Millen means to make Giants run into trouble

October 24, 1991|By Ken Murray | Ken Murray,Evening Sun Staff

HERNDON, Va. -- Matt Millen wanted to make one thing perfectly clear.

"I personally have done tremendous in New York," the Washington Redskins middle linebacker said yesterday, looking out at the media throng that surrounded his locker at Redskin Park.

Millen's geography was as dubious as his grammar. Although he played on San Francisco 49er teams that won two of three games against the New York Giants the last two seasons, all of those games were played in San Francisco. You have to go back to his rookie year in 1980, when the then-Oakland Raiders beat the Giants 33-17, to find a Millen victory in New York/New Jersey.

So much for truth in advertising.

Fact is, this is the reason the Redskins signed the 33-year-old run-stopper last April. To help beat the Giants. To help shut down thatblue blur of a running game and to beat the Giants.

Millen, who is 4-2 lifetime against the Giants, gets to strut his stuff Sunday night in the Meadowlands, where the 7-0 Redskins try to exorcise some demons of their own. Discounting a 1987 strike replacement game, the Skins haven't won at the Swamp since 1983.

What's more, they have lost six in a row to the Giants, and nine of the last 11.

And that's why Millen was trying to disassociate himself from the Redskins' one-sided rivalry.

"San Francisco has this kind of Giant thing also," Millen said. He didn't mean six-game losing streak, either.

"It's because of the position [the Giants] have in the standings. In my two years with the 49ers, it was because they had the best record in the NFL, after the 49ers."

In the Redskins' case, the rivalry has intensified because of the proximity of the two teams in the NFC Eastern Division. Between the two teams, they have won three of the last five Super Bowls. But for the last three years, the Redskins have been eating the Giants' dirt.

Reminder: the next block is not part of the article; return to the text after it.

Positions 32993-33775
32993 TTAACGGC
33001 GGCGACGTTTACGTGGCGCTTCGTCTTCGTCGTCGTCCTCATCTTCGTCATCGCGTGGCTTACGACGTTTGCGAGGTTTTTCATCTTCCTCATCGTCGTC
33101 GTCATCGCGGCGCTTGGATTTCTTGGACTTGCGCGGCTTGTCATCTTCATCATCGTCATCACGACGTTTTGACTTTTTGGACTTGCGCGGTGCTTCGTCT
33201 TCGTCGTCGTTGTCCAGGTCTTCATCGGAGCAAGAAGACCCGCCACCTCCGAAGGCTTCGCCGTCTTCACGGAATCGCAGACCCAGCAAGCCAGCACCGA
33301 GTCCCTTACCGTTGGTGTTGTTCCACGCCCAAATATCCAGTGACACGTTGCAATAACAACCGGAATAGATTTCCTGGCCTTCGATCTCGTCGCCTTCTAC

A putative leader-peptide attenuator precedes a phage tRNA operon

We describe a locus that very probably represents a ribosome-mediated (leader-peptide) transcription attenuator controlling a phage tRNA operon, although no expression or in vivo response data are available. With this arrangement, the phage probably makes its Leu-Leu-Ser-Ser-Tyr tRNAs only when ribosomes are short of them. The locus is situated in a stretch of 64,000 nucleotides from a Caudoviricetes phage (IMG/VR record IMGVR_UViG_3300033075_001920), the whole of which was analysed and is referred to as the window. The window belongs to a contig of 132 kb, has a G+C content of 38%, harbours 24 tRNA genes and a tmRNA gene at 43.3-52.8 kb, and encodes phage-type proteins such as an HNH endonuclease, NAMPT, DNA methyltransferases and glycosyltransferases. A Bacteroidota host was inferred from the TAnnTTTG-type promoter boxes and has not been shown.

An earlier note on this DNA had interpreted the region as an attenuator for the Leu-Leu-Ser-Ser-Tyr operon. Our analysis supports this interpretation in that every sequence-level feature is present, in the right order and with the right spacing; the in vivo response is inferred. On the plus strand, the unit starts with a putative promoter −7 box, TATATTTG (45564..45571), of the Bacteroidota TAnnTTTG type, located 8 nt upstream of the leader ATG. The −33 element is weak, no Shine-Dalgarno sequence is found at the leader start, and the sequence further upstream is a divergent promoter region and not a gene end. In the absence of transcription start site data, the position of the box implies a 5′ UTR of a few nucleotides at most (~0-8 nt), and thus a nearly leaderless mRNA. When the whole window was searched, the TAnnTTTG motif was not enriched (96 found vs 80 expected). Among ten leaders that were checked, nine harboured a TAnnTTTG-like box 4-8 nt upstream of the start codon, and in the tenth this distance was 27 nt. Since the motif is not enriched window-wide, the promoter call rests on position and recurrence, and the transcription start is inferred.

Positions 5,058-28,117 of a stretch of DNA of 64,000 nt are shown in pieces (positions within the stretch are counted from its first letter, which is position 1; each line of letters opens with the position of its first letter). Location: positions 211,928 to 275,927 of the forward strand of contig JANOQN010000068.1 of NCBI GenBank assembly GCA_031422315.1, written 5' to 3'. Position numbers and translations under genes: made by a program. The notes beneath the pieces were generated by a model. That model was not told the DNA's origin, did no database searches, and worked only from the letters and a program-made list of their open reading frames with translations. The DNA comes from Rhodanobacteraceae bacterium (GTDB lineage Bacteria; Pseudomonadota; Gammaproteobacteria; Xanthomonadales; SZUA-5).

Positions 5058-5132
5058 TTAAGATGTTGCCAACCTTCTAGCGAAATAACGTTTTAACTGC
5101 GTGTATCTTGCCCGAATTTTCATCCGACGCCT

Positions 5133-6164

Last year, the Redskins moved to remedy the problem, trading for defensive tackles Eric Williams and Tim Johnson early in the season, and signing Millen out of the Plan B free agency pool. This season that redesigned defense has registered three shutouts and is limiting the opposition to 11.7 points a game.

The Giants have changed head coaches and quarterbacks, but their calling card still is a punishing ground game. Although they are 4-3, they have rushed for only 14 fewer yards than the unbeaten Redskins.

The new ramrod in the offense is running back Rodney Hampton, who has rushed for 444 yards since supplanting Ottis Anderson in Week 3. Hampton is averaging 4.9 yards a carry.

"The biggest change is Hampton and his ability to get outside," ** Millen said of a Giant offense now directed by quarterback Jeff Hostetler instead of Phil Simms. "They're still going to pound it, but they'll do it a little different than they did with Ottis. He'd stay inside [the tackles]. Hampton runs inside and cuts back quickly."

Millen will get limited opportunities to tackle Hampton, however. A marvelous defender against the run in his previous 11 NFL seasons, he played almost exclusively on first downs, or in obvious run situations.

"I get more play on Wednesday with reporters than I do in games," he joked yesterday.

Asked if that might be construed as a complaint, Millen responded diplomatically.

"Any player would like to play more," he said. "Andre [Collins], Kurt [Gouveia], Wilber [Marshall]. Anybody wants to play all the time."

He admitted he had been forewarned when he signed, though.

"I didn't really realize it would be like that," Millen said. "[But] they were up front about it."

In his abbreviated role, Millen has delivered 34 tackles, sixth best on the team, fourth best among linebackers. But his contributions go beyond mere tackles.

"He's a formidable run player," Giants coach Ray Handley said yesterday via phone hookup. "He's a solid guy and really a leader. He was that at San Francisco and with the Raiders. Guys seem to play better when he's in there."

For what do his teammates appreciate Millen?

"Leadership," Williams decided. "And his elevator doesn't go to the top floor."

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